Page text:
It represents about R 230 000 I spent between April 2008  and April 2009. Amazing how a hundred here and a thousand there can add up to real money.

Silhouette Nationals, 2009

The SAMSSA National Championship was held at the Eastern Cape Silhouette shooters‘ headquarters at Kuduskloof. I wasn’t really planning to attend, but Tanya saw the opportunity to get me to park the kids off at the in-laws in Knysna, leaving her free to attend her scrapbooking course.

Which is what we did.

Left for PE at oh-dark-thirty on Wednesday the 30th, popped in at Fuller Firearms along the way, dropped the kids, some books for Charl, and some stuff for my boss off in Knysna, and got to the Blue Skies Country House just before 17:00.

Thursday morning I was at the range at 08:00 and… it was raining. Bugger. No fun shooting in the rain. But first, I’d been squadded as Range Officer, so that’s what I did — walked around making sure that people don’t do silly things, as we are all likely to do when things go wrong under pressure.

Now my first set of licences for silhouette guns took six years, and I’ve been waiting for the current set for a bit more than a year already, so the reality is that I need to borrow guns to be able to compete in all the events. By design, I was squadded with Francois, who also borrowed some of Juan’s guns, so we decided to start with Event 1, Big Bore Revolver, and he, being somewhat foolish, elected to go first.

Which means that when my turn came, we had the sight settings for Juan’s Freedom Arms .357 Magnum pretty much sorted, and I klupped 8 chickens, 7 pigs, and 10, yes, count ’em, 10 turkeys. And this is where the wheels came off. It was raining all the time, and dripping on me through the awning, and I was not particularly happy, but what doesn’t kill us makes us strong. But then some well meaning fool went and stuck a pole under the awning, causing all the water which had pooled on top to come over the side and drench me completely. This made me more than slightly unhappy. Fortunately there were no kids on our side of the range.

I managed to get two rams, for a total of 27, earning me a bronze in A class.


Of course after all of this I was cold, wet and miserable, and in no mood to get even more wet, so I called it a shooting day and went to support the tannies in the food tent, who made hamburgers for R15 and pancakes for R2 — absolute bargain.

Friday was a lot better, weatherwise, and I shot a 25 in Small Bore Revolver using Gunther’s Freedom Arms, a 28 in Production using my Anschutz Exemplar, an 8 in Standing (I suck at standing) with my Browning Medalist, and a 30 in Unlimited, again with the Anschutz. Believe it or not, 8 out of 40 gave me a silver in B class. And I got a gold for Unlimited, but only because I hadn’t entered for Unlimited before, so I was shooting B class — I’m now firmly bumped up into International, and bound never to win anything again (I’ll need a 37 to get bronze, and then only if the other guys are shooting badly…)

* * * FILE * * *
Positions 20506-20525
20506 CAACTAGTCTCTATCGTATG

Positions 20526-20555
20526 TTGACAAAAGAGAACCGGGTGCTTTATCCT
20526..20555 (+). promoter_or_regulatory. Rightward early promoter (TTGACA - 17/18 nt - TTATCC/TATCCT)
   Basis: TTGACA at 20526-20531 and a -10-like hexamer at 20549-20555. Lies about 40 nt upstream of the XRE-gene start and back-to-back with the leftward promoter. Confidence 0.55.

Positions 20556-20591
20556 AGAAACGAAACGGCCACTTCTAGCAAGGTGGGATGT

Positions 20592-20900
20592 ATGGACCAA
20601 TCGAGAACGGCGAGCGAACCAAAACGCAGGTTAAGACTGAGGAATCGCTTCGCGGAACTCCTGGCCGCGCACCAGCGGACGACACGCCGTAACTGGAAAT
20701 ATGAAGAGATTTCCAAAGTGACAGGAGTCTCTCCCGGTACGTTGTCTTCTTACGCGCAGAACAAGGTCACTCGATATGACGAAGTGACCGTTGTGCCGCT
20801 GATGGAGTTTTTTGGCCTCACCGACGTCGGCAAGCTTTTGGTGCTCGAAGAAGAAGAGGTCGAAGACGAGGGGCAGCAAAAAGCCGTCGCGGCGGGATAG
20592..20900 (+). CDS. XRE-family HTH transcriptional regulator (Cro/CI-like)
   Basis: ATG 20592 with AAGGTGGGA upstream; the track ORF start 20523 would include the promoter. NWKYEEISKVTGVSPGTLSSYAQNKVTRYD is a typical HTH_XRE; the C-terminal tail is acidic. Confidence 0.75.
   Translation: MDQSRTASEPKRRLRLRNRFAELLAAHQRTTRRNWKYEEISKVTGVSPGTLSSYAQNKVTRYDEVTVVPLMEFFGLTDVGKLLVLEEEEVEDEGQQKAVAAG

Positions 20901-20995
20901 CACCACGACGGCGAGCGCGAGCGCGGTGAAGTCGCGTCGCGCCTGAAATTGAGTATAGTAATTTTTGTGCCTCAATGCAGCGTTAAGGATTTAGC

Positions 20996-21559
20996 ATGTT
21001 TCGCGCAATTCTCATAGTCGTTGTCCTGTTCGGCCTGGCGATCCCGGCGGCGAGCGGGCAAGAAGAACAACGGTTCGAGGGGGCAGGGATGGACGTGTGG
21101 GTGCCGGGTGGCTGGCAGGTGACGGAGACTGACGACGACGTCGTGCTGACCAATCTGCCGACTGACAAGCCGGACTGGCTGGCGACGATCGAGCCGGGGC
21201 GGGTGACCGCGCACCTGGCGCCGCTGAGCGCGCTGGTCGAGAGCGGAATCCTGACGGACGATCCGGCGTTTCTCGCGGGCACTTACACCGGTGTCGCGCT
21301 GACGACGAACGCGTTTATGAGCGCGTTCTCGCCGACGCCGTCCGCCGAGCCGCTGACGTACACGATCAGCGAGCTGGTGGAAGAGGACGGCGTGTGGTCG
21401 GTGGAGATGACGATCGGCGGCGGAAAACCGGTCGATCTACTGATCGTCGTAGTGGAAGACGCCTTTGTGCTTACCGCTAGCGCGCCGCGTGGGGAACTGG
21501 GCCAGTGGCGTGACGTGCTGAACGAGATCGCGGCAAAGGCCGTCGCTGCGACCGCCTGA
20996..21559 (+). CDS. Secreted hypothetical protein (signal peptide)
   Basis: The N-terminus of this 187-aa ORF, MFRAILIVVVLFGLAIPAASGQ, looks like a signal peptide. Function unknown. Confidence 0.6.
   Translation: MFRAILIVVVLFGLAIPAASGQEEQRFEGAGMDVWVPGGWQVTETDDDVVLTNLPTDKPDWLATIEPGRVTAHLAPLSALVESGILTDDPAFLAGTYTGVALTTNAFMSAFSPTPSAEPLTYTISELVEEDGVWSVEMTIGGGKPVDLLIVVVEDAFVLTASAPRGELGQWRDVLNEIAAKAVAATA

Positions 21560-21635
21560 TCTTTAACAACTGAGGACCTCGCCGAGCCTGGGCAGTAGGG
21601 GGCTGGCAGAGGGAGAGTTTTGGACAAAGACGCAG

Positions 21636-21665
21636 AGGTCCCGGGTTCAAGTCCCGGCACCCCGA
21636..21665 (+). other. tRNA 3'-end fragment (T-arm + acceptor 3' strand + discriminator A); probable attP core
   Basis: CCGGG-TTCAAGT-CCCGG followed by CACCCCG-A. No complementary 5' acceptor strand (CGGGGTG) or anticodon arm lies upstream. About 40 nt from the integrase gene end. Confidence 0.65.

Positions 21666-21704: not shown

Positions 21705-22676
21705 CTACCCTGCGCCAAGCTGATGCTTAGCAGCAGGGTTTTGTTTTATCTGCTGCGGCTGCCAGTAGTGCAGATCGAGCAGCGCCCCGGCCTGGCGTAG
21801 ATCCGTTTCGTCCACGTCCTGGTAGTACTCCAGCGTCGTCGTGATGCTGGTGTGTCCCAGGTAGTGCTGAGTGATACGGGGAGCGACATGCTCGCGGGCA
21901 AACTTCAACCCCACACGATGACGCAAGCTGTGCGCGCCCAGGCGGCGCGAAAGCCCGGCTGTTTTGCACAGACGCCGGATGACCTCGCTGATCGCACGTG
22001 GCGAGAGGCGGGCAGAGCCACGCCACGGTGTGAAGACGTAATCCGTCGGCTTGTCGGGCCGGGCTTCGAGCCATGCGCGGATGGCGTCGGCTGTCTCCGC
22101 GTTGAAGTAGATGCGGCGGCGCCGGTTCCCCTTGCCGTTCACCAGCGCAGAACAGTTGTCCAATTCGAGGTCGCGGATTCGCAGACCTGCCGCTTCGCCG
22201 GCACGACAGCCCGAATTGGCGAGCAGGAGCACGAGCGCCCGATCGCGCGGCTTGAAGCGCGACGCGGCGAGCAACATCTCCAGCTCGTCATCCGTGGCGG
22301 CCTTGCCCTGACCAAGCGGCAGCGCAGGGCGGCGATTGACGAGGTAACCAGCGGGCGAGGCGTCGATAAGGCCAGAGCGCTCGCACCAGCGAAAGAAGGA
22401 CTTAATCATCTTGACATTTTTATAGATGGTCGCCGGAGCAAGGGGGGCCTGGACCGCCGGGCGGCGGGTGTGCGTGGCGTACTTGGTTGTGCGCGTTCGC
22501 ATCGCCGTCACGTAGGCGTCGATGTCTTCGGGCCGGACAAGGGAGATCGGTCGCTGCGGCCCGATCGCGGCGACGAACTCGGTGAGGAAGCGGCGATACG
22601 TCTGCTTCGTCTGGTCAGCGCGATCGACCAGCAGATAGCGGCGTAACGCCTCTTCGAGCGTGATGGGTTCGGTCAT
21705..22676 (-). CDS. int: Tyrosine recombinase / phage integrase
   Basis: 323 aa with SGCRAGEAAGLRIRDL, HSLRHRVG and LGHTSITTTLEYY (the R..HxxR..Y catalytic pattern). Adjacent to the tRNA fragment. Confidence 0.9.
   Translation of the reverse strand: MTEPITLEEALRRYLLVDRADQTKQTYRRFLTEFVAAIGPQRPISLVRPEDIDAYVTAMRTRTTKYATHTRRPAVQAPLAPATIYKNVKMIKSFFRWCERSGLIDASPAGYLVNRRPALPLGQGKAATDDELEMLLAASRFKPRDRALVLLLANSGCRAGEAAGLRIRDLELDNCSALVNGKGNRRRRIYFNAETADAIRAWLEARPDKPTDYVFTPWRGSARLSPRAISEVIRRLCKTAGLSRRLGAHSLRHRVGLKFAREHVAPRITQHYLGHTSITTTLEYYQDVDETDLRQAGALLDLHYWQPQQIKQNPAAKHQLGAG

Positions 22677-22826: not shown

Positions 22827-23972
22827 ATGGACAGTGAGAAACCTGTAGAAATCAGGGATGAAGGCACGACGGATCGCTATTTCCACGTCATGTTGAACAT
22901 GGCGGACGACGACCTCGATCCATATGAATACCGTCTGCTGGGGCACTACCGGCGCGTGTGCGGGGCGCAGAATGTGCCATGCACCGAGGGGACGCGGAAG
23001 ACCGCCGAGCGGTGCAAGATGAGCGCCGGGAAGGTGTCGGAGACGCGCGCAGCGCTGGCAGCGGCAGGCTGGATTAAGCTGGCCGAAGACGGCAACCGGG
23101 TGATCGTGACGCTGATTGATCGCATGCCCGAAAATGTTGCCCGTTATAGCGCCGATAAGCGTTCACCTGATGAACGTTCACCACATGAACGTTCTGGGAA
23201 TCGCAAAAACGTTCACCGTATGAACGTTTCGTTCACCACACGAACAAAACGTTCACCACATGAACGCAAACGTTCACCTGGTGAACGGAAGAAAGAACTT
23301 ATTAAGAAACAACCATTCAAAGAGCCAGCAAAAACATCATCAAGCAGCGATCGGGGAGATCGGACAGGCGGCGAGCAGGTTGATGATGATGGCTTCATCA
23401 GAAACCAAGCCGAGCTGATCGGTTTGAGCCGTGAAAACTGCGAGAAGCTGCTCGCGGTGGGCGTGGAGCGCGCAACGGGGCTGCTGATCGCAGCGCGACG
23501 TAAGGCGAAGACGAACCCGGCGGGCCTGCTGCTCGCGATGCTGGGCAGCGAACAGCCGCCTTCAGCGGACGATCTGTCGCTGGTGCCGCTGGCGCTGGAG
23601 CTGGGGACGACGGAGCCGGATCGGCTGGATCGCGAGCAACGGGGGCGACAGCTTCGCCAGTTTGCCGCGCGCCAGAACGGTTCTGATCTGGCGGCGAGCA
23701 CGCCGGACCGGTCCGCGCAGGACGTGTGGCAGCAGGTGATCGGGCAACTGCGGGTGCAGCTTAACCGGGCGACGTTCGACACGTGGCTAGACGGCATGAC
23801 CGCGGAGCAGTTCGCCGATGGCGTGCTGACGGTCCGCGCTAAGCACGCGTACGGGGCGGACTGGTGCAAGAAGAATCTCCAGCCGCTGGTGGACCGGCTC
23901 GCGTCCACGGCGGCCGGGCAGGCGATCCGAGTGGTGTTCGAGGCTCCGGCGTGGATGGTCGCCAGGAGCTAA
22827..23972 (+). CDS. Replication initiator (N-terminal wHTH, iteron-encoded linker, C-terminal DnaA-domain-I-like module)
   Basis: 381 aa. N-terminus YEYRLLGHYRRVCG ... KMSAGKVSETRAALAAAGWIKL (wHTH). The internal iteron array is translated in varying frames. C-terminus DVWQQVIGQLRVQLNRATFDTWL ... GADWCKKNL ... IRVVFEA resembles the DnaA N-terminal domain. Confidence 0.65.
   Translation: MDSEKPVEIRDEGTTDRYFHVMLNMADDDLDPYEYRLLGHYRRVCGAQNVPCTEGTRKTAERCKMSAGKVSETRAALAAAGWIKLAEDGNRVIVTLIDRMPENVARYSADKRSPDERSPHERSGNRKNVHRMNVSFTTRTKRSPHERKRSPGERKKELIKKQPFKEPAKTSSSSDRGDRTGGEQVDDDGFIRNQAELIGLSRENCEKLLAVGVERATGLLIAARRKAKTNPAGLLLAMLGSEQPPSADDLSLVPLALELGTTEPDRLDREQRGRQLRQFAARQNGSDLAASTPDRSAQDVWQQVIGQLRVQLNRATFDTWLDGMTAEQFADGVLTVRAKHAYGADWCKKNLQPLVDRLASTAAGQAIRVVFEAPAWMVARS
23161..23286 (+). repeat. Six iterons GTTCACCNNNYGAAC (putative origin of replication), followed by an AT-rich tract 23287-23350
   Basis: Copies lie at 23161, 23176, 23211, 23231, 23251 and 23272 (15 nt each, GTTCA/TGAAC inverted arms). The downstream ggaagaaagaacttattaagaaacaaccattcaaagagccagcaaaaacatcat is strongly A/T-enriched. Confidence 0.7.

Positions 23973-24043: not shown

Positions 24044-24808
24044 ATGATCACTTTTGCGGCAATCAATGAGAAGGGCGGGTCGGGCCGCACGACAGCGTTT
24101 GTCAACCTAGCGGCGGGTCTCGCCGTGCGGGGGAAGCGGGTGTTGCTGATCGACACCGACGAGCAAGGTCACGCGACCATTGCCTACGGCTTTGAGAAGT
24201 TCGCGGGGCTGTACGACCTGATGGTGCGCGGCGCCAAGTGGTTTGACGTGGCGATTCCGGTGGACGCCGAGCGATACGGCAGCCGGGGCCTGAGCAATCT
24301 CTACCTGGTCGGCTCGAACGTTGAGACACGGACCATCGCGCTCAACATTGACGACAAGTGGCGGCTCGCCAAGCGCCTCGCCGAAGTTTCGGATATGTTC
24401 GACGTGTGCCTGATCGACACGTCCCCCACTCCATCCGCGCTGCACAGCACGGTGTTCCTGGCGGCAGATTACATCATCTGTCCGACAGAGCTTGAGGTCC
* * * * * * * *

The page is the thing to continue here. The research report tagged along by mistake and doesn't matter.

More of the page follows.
Saturday I shot Smallbore Rifle, for the first and second times in my life, scoring 10 and then 11, not bad, but I’d need around 15 or more to start winning anything. Saturday evening was the prize giving, which was all good, despite the last minute venue change, and Sunday was the long drive back (750 km, a bit over 8 hours).

Thanks to the EP silhouetters, they’re a great bunch.

Results on the SAMSSA page.

My scale is trying to kill me.

If you have a Boardman’s BF103 Digital Scale, take note.

yin This symbol denotes female,

yang and this one denotes male.

If you get it wrong, the POS will look things up in the wrong table, and pronounce you, the guy, underweight, and her, SWMBO, the love of your life, the one you promised to love and cherish,  and the person most likely to kill you if you Don’t Watch Your Step, as obese.

You Have Been Warned.

I suddenly realised why I’m so damned tired

Emotionally tired, I think, more than physically.

I looked back through some photographs… we’ve come a long way, and we did a helluva lot, but it’s not so obvious if you’re living it day-by-day — it’s much more striking when you look back.

This was the stoep area outside the kitchen door, back in April.

By July, it was looking a lot better.

Of necessity, Frank paved the bricks at quite a slope. This is good, from a water runoff point of view, but I had to chock the washing machine with a couple of 2x4s, otherwise it would bleat piteously and give up on the spin cycle.

I had planned a platform to keep the machines dry and off the deck, as well as a partition to keep the wind and dust at bay, and a table for sorting and folding the washing.

I’ll move the chest freezer when I have help :-)